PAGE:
Dec 14, 2007

Book Review: Monarchy, Aristocracy, and the State in Europe, 1300-1800

Monarchy, Aristocracy, and the State in Europe, 1300-1800 by Hillay ZmoraZmora, Hillay
New York: Routledge, 2001

Hillay Zmora is a senior lecturer in history at Ben Gurion University, specializing in early modern Germany and early modern European nobility. In Monarchy, Aristocracy, and the State in Europe, Zmora disputes the historical model of the clash between a declining nobility and a rising bourgeoisie in absolutist regimes in early modern Europe. Instead, Zmora argued that nobles, in general, adapted to changing sociopolitical environments, and that “it was the transformation of the medieval kingdoms into states which shaped the nobility.”

Zmora argued that one of the most important factors in state-formation – and in shaping European nobles – was the evolution of “endemic and incessant” warfare. The expenses associated with newer forms of waging war, argued the author, forced European monarchs to develop systems of revenue creation, which simultaneously necessitated that concessions be made to the nobility to facilitate the tax collection procedures. Zmora argued that the ability of French and Castilian kings to create and maintain permanent systems of taxation was interwoven with the rise of absolutist regimes in these states. Conversely, maintained Zmora, the experiences of the city-states of the Italian peninsula and the Austrian Habsburgs suggest that the inability to create permanent systems of taxation inhibits both the rise of absolutist regimes and, ultimately, strong nation-states.

Historians have sometimes associated the rise of absolutist regimes in Europe with a decline in the fortunes and power of the noble class. Zmora, however, argued that many nobles played an important role in facilitating the growth of state power, and that those nobles who enjoyed “proximity to the state relied on it for the better part of their livelihood” as a reward for their financial an political support of the state. Noble support for monarchs such as Charles V owed less to “personal affinity” as to “royal rewards,” argued Zmora, and the author noted that a “continuous reliance on the nobility was an ineluctable course of action.” Moreover, noted Zmora, relations between the state and the nobility should not be seen as a zero-sum game:
The analysis of the system of governors in various early modern states suggests that, for all the inherent conflicts, a strong monarchy and a strong nobility were not mutually exclusive. In fact, their power grew in tandem during the first half of the sixteenth century.
Changes in the structure of the courts of European monarchs, argued Zmora, were responsible for the rise of the Court as the “focus of political authority of the realm.” Chief among these changes was the movement away from itinerant courts that existed “on the back of the riding-horses, beasts of burden and wagons” and toward permanent, sedentary courts that were centers of culture and power. While noting that some nobles left behind accounts suggesting their fondness for the simplicity of manorial life, Zmora argued that European nobles began to see the Court as necessary component of their station in life, noting that nobles were attracted to the Court for practical considerations:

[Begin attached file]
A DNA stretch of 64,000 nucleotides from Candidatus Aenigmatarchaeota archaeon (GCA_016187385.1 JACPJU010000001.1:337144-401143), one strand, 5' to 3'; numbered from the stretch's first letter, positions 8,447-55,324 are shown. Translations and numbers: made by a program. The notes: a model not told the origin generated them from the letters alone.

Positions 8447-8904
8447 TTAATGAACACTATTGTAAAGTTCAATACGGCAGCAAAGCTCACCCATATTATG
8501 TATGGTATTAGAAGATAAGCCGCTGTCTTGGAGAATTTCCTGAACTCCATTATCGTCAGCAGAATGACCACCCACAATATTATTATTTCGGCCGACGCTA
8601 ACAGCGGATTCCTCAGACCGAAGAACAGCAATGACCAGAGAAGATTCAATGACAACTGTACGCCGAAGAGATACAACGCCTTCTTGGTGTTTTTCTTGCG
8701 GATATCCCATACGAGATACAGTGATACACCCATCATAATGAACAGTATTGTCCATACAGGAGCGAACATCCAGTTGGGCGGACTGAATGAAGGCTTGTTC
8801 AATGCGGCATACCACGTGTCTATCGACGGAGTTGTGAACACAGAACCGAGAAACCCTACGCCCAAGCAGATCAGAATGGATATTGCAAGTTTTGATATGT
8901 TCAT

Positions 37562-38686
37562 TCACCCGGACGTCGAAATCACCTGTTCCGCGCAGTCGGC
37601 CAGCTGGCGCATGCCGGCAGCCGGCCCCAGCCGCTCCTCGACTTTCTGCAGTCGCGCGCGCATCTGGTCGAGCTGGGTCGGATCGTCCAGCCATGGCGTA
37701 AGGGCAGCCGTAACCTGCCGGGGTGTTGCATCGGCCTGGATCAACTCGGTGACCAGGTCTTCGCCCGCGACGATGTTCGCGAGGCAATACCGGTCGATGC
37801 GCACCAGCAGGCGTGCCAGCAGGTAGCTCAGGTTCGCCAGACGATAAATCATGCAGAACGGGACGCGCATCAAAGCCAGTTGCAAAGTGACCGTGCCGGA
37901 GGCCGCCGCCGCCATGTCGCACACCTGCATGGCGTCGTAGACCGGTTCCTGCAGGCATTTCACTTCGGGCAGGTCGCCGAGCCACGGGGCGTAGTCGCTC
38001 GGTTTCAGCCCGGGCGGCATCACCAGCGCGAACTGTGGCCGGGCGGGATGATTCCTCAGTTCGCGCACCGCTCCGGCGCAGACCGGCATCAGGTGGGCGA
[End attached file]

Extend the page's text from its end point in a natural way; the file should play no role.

The principal reason why nobles repaired to the Court is that they had an eye for the main chance. In the first place, a lot of money circulated at the Court. It sometimes was the third largest area of state expenditure after warfare and debt service… It was also the point of contact par excellence for the political elites. With the expansion of the early modern monarchies, it became the apex of a vast patronage system that held the state together.
Zmora, while by no means parroting traditional historiographical models of absolutism, nonetheless disagreed with revisionist historians who call for the elimination of the term altogether. There might have been differences between the absolutist rhetoric of rulers such as Louis XIV and the political realities in these same ancien regimes, noted Zmora, but the concept of absolutism nonetheless remains a valid interpretation of the sociopolitical structures of the major early modern states. Zmora delineated the sources of the absolutist successes of Louis XIV :
The secret of Louis’s achievement was not Versailles in itself. It was rather that his initiative was more restorative than innovative. His genius lay in an uncanny knack for moulding and consolidating the social order in a manner that both increased his own authority and benefited the traditional élites.
Monarchy, Aristocracy, and the State in Europe is a synthesis, drawing heavily from French, German, and English sources, although the author also includes some archival material. At times, the theoretical generalizations developed by Zmora seem strained, though the author typically noted the exceptions to the models he put forth. The book follows a thematic approach to the topic, and referential material is provided in an endnote format for readers interested in further research on a given topic. Appendices include a 10-page bibliography and a cross-referenced index, though the index seems insufficient for the range of textual material. Some previous familiarity with the early modern European history would assist readers in textual comprehension, and the high level of theoretical discourse makes this text difficult to recommend for survey-level college history students. The text does serve as a thoughtful approach to the study of absolutism for non-specialist scholars, and would be a useful companion to the studies of upper-level undergraduates and graduate students.

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